Orange to Sever Ties With Israeli Operator, Eight Months After 'Boycott' Controversy

Partner, Israel’s second-biggest mobile company, will get 50 million euros after it agrees to stop licensing Orange brand.

Amitai Ziv
Amitai Ziv
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The offices of Israeli firm Partner Communications, which has brand licensing deal with Orange, on Thursday, June 4, 2015.
The offices of Israeli firm Partner Communications, which has brand licensing deal with Orange, on Thursday, June 4, 2015. Credit: Tomer Appelbaum
Amitai Ziv
Amitai Ziv

Partner Communications will stop using the Orange brand name in February, eight months after the CEO of French firm Orange SA sparked a storm after saying he wanted to end the relationship – a move interpreted as supporting a boycott of Israel.

At the time, Orange SA CEO Stéphane Richard – whose company owns the Orange brand – sought to diffuse the crisis by insisting it was purely a business decision. He traveled to Israel in a bid to underline that his company didn’t support the BDS movement. Nonetheless, the two companies have now agreed to part ways.

Partner, Israel’s second-biggest mobile company, will get 50 million euros ($54.3 million) in compensation for agreeing to give up the brand under which it has marketed its products and services since its formation in 1998. The company will now have to rebrand itself, an expensive and risky process.

Partner declined to comment, other than to say it is in the midst of exploring the issue of rebranding. Its shares finished 3.3% higher at 17.75 shekels ($4.55) in Tel Aviv Stock Exchange trading Sunday.

Partner, which is controlled by the Israeli-American media tycoon Haim Saban, hasn’t decided on a new brand name, but may use the 012 Smile or 012 Mobile names it uses for some of its services and which are already well known.

Richard set off the controversy last June when, in response to a question at a Cairo news conference, said he was willing to withdraw the Orange brand from Israel “tomorrow morning,” but that moving too quickly would expose his company to legal risks and possible financial penalties.

Prime Minister Benjamin Netanyahu demanded France “publicly renounce the distressing statement and action” taken by Orange. The French government, which owns 25% of Orange, later called Richard’s remarks “clumsy,” and Orange continues to operate a research and development facility in Israel.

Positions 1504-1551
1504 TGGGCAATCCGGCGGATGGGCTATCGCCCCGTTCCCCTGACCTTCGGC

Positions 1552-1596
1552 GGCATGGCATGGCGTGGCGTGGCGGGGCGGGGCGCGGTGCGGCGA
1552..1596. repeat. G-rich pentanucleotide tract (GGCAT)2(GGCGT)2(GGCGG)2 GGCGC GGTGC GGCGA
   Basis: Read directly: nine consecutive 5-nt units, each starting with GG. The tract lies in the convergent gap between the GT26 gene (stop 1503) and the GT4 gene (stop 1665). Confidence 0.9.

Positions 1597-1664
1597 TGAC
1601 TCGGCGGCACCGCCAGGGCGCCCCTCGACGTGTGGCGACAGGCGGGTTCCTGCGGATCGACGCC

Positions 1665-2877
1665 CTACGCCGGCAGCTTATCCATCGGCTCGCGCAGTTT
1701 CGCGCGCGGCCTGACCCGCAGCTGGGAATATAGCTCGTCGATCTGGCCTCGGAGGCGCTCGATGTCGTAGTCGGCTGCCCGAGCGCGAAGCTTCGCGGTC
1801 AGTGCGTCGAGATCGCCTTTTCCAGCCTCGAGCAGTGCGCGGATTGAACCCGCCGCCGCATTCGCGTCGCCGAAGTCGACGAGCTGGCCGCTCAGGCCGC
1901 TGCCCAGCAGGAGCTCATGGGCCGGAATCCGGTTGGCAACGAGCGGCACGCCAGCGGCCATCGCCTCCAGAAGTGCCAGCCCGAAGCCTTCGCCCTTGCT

In fact, Partner and Orange had renewed the licensing agreement for the Orange name for another 10 years only a few months before Richard’s remarks. But after the controversy erupted, the two sides agreed terms to end the agreement, giving Partner 40 million euros immediately and another 50 million euros if it ended the agreement within 12 months.

Orange CEO Stephane Richard, March 6, 2014.Credit: Bloomberg

The initial 40-million-euro payment was supposed to finance Partner’s study of the Orange brand’s worth to the company and develop alternatives, a process the company has kept secret but is expected to be completed by next month.

Partner had several more months to continue using the Orange name, but intense competition in the mobile market and skidding profits makes the 50 million euros it is due a welcome cash infusion. Partner posted a 9-million-shekel loss in the third quarter.

Dropping the Orange name will also save the Israeli company licensing fees that in 2014 alone added up to an estimated 49 million shekels, said Ori Licht, an analyst at IBI Israel Brokerage & Investments. The 90 million euros from Orange will enable Partner to fund a major rebranding program.

In any case, Licht added, in the current cellular market, price more than brand and image is the decisive factor in recruiting and retaining subscribers.

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